How to scan negatives without the digitaliza. Just put them in a negative sleeve and scan away! You can also scan up to 3 Spinners at once!
While shooting tons of film, you need to get your negatives organized .
I use the 3,- euro negative sleeves from V&D in The Netherlands. Whilst organizing I wondered if the scanner would accept the negative whilst still in the sleeve.
And yes, it did!
There a a couple of workarounds to get acceptable results.
- Put all the negatives in a straight line by hand.
- Make sure the part of the sleeve you are scanning is within the areas your scanner uses for the standard negative-holder that came with the scanner. You need to remove the standard bracket, but the scanner won’t scan wider than that area.
Depending on the sleeve you use the output will vary. The ones from V&D have some sort of relief in them. when i scan them with side a up it’s fine, but when i scan them with side b up it comes out sort of blurry-photoshop-like… Which can also be used as an effect if you’d like.
Feel free to experiment around with different sleeves, and why not throw in some colored sheets underneath :-)
Another fun thin about scanning with sleeves, is that if you align them correct, you can scan 3 Spinner negatives at onces! Depening on the type of scanner you use. I’m using the Epson Perfection V700.
Unfortunately, it happens sometimes that your resulting pictures are not what you expected - the image doesn't look that good, the colors are bland, and the subject is banal. Indeed, it couldn't be picture of the year! Herein I propose a second chance for your pictures by modifying your 35mm negatives. Just pick up some ideas from here, experiment, and scan your negatives with the Lomography Smartphone Scanner. Anything is possible: burning, scratching, putting on hydrochloric acid, balsamic vinegar, nail polish, bleach, or raspberry juice... use your imagination and write down your new film soup recipe! You can find a sample of the effects in this article.
Don’t sweat the small stuff. Don't be a worrywart. The Lomo LC-A-to-Z tells us to relax, roll up our sleeves, and let loose. Cast your worries away and indulge in whatever it is that frees you, and capture that moment of liberation with a Lomo LC-A camera.
We love sharing photos! So, with the recent release of the beloved Lomo'Instant camera, we thought it would be a great idea to look at some of the best ways to share your instants with the world. Rather than letting them collect dust on a shelf or stay hidden away in a drawer somewhere, why not let everyone else in on your superb instant creations? Check out these 5 awesome ways you can do just that!
The Lomography Belair X 6-12 is more than just a medium format camera. It is lightweight, compact and is capable of shooting photos in 3 different sizes: 6x12, 6x9 and 6x6. Equipped with high-quality interchangeable lenses and automatic exposure, it can give you beautiful shots with every roll. It can also take 3 different film formats: 120 film, 35mm and instant film. Read on to find out all about this fantastic camera.
Got scary ideas for Halloween? It's almost here and most of you are probably ready with the spookiest costumes ever! You can't let your spookiest best go by without capturing them, so load up those cameras, snap the terror away and turn it into Halloween fun. While you're at it, pick your best Petzval Halloween photos and join this rumble!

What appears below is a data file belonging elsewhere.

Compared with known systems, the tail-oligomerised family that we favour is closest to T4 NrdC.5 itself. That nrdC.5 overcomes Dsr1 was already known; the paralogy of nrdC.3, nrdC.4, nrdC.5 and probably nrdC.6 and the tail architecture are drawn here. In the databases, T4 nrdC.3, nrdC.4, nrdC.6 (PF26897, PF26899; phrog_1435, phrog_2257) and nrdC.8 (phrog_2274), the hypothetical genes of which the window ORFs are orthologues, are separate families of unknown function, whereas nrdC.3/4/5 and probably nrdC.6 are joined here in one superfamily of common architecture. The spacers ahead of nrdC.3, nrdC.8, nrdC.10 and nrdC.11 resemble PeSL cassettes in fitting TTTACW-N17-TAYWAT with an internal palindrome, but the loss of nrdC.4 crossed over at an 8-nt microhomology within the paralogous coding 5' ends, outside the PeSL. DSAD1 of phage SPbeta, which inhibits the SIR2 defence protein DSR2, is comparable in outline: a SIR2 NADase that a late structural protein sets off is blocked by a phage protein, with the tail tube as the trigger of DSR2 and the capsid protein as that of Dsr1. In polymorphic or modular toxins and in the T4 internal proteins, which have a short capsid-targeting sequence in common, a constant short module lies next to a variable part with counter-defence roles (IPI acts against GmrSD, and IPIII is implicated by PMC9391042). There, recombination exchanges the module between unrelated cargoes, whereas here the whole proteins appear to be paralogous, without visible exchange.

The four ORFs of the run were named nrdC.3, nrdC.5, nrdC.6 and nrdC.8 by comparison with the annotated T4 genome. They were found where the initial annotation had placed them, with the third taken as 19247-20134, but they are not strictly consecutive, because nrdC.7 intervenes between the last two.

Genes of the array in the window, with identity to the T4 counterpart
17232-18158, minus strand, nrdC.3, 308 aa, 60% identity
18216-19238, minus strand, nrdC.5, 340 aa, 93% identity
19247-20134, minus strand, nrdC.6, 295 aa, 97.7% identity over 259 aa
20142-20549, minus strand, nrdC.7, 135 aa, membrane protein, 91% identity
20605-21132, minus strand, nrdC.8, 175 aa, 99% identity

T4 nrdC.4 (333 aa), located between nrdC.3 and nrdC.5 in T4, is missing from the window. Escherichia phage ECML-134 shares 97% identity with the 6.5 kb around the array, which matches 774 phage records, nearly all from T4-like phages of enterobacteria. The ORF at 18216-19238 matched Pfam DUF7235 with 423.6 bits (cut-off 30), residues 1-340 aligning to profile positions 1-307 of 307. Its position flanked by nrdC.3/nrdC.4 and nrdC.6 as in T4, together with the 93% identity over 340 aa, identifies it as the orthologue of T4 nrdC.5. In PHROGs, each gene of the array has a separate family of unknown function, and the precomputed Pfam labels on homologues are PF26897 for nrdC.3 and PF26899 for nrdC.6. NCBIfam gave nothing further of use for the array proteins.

In case you missed it, Lomography has just unveiled the latest member of its Art Lens family: the Lomo LC-A Minitar-1 Art Lens, which boasts of the same optics that the legendary LC-A camera has and brings the classic Lomographic style not only to analog but also to the digital platform. Over the next few days we'll be sharing with you the first impressions of and photographs taken by members of the Lomography team, who had gone out and put the Lomo LC-A Minitar-1 to the test. First up is graphic designer Andrea Cislaghi, who coupled this lens with the Bessa R2 and Sony Alpha 7.
Don’t you just hate it when your precious prints are threatened to be lost in blurry, blotched and smeared oblivion when they get wet? Let us show you how you can save them with this easy to do tipster!
There's nothing more satisfying than taking fantastic photos with a camera that you built yourself. If you've always wanted to impress your friends with your mad DIY skills, pick up a Konstruktor Camera Kit and show them what you've got! It's also a cool way to get them into Lomography, because as you build the camera you'll discover how analogue photography works. Oh, and the Konstruktor takes gorgeous photos, too - check out the gallery and see what we mean!
Really want to bring your film photos to life? We’re now offering totally analogue fine art prints in a host of large sizes and formats! Carefully enlarged from your negatives onto premium photographic paper by lab professionals, each picture is a unique piece of craftsmanship.
Are you a New Petzval Lens owner? Are you looking for a way to bring those special aperture plates with you without the risk of them getting lost? Lo and behold! One of our Kickstarter backers and Thingiverse user otaku has the perfect solution.
I want to share with you my experience with some slides when I was in Russia. I'm very sorry for them because I messed them up. They're just ruined and they'll never be the same! But hey, I have thousands of them, so I guess it's not a big deal after all.
Yesterday I picked up from my trusty photography shop in Como a developed and scanned color film roll containing images of the Sicilian festival held on May 1 at the city's historical center. A few hours ago, I made some scans of these images, which I'm pleased to show you in this article! Read more after the jump!